BALTIMORE, Oct. 6 (UPI) — A zoo in Baltimore is at the forefront of keeping an endangered Central American frog species, believed extinct in its native Panama, alive, researchers say.
The Maryland Zoo has become the United States’ largest breeder and shipper of the Panamanian golden frog, part of an effort to propagate the species in captivity in hopes their descendants can some day be returned to the wild in Panama, The Baltimore Sun reported Tuesday.
The zoo recently shipped young frogs to zoos in Texas and California in a program than has seen several thousand Baltimore-bred frogs shipped off to live and breed at other institutions.
Golden frogs once were abundant in Panama, where they were a national icon and a symbol of good luck with their image appearing on the country’s lottery tickets, in hotels and gift shops.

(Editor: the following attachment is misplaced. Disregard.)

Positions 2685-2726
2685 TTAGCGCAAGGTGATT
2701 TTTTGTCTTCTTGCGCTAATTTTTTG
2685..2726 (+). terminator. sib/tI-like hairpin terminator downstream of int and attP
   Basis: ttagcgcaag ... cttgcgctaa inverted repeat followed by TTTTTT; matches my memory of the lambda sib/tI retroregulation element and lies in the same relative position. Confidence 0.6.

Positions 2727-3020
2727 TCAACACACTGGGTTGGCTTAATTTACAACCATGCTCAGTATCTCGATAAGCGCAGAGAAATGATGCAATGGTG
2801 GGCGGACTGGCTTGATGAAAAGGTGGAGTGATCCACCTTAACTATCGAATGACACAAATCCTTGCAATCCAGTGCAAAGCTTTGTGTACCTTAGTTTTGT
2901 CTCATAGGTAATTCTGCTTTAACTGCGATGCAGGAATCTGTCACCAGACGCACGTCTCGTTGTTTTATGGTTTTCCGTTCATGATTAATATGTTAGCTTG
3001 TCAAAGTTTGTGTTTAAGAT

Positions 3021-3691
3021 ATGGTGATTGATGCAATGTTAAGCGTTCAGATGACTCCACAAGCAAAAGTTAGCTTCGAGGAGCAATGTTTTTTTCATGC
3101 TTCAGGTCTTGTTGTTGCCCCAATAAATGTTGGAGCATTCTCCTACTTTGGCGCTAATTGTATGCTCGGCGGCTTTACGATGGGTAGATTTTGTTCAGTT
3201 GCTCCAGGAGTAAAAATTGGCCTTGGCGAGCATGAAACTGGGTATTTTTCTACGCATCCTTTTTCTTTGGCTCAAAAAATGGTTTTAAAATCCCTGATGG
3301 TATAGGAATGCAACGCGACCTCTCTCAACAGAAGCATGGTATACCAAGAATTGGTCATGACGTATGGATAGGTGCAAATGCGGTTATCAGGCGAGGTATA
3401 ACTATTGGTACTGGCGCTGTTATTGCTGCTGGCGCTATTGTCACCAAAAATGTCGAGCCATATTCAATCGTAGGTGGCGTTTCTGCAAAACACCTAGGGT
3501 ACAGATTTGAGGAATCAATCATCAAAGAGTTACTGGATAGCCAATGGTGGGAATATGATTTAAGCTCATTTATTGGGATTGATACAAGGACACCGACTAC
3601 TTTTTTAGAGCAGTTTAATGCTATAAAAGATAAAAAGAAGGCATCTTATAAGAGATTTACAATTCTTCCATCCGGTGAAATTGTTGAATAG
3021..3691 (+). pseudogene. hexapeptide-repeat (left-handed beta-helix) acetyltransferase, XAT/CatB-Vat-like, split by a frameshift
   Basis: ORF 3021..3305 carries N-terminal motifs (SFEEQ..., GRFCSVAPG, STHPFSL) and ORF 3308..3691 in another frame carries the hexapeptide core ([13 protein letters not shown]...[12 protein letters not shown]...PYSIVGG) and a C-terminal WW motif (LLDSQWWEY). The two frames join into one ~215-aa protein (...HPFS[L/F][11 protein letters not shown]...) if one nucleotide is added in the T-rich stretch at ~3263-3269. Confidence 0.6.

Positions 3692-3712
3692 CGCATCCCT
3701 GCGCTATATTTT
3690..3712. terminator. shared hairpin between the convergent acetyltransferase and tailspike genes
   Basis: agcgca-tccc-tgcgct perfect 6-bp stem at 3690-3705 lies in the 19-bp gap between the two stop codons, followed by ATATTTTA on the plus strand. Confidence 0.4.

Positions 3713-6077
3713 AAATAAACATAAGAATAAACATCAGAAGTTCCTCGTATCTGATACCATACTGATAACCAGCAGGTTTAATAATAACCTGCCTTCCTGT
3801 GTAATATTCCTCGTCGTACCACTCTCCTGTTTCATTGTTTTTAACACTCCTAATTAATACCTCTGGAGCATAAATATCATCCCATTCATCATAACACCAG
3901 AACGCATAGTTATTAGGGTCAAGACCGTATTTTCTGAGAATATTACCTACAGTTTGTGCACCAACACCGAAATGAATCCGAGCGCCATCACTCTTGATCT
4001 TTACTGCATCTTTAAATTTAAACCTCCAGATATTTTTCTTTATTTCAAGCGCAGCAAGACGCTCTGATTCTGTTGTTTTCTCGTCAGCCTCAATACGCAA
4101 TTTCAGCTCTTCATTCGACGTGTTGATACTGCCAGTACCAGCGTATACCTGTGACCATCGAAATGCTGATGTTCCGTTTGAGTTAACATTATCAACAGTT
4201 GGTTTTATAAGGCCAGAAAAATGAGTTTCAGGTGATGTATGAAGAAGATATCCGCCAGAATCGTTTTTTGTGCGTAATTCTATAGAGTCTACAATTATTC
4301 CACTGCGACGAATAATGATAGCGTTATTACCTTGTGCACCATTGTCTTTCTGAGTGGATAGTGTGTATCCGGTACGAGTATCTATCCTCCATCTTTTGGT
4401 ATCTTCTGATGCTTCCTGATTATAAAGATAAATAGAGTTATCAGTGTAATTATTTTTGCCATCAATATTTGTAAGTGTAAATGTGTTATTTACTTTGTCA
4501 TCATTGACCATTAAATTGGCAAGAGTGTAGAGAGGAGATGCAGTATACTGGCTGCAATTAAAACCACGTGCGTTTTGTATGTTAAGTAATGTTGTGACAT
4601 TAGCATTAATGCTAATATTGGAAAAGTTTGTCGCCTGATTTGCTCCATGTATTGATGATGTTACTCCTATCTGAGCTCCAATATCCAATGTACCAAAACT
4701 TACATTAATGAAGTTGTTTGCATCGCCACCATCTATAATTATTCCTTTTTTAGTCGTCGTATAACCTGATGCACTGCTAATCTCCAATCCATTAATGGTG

Now they are thought to be extinct in the native Panamanian cloud forests, the victim of the deadly chytrid fungus that has affected 30 percent of the world’s amphibian species.
The frogs’ story should be a wake-up call to anyone who has listened to the tree frogs in their own neighborhood and cares about healthy ecosystems, assistant curator of amphibians Kevin Murphy says.
“If people know about the golden frogs, and know what kinds of things have happened, and think about the amphibians in their own backyard,” he says, “they might care about them and might protect them in some way.”
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